Luigi Prestinenzi [00:23:15]:
Now, I loved what he shared because If you have a skinny pipeline, if you don't have many deals in the pipeline, you're gonna try to hold on to every deal that you've got. Right? And you are gonna be emotional because you're gonna be like, no, I can't lose this, and this is where desperation comes into it. And you give up anything to get that deal. And we see it all the time. We See, you know, I'll I'll discount. I'll discount to get the deal done. Right? But like Brian said, be prepared to walk away, but You can only be prepared to walk away if you've got other deals sitting behind. Yeah? And have confidence knowing that you've got other deals sitting behind that deal.

Luigi Prestinenzi [00:23:55]:
And, you know, we've all been there. I've been there where I didn't have many deals and I'm like, I really, really need this one to close. And, You know, regardless, maybe I in my eyes, I didn't show that I was feeling like I needed it, but There is always that feeling that it's there. You're like, you behave differently. Yeah? So I think the key to this as well, the other key takeaway is Build yourself a strong pipeline so that you can you can walk away. And, you know, it's really interesting because that fear of missing out that he spoke about, and I've been there before as well, where I've had a deal. They haven't been responding. They've been ghosting me, and I've gone back to them and said, hey.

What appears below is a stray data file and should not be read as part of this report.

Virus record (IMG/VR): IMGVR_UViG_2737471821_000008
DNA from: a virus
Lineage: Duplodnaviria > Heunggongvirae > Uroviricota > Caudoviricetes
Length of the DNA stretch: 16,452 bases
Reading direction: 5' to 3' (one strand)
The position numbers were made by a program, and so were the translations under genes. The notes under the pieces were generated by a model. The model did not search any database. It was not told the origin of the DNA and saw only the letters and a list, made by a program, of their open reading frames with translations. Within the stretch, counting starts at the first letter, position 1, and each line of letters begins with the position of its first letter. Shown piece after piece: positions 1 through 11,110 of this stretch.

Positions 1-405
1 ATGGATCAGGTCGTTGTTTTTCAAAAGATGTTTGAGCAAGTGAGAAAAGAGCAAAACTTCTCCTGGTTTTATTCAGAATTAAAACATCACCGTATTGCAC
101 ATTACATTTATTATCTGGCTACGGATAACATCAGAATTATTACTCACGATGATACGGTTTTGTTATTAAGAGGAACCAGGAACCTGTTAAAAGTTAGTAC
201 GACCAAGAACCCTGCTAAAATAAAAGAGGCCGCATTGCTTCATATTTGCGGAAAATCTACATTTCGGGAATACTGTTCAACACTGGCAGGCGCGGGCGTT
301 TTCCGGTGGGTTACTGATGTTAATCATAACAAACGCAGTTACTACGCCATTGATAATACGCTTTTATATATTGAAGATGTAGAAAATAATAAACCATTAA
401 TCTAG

Luigi Prestinenzi [00:24:33]:
Sounds like now is not a good time. I've got other projects. Thanks very much for your time. You know, if anything changes, let me know. And that has triggered an immediate response from the prospect who was ghosting me. Yeah? So, Yeah. They call it a takeaway close, but sometimes the best way to take action is to walk away from a deal.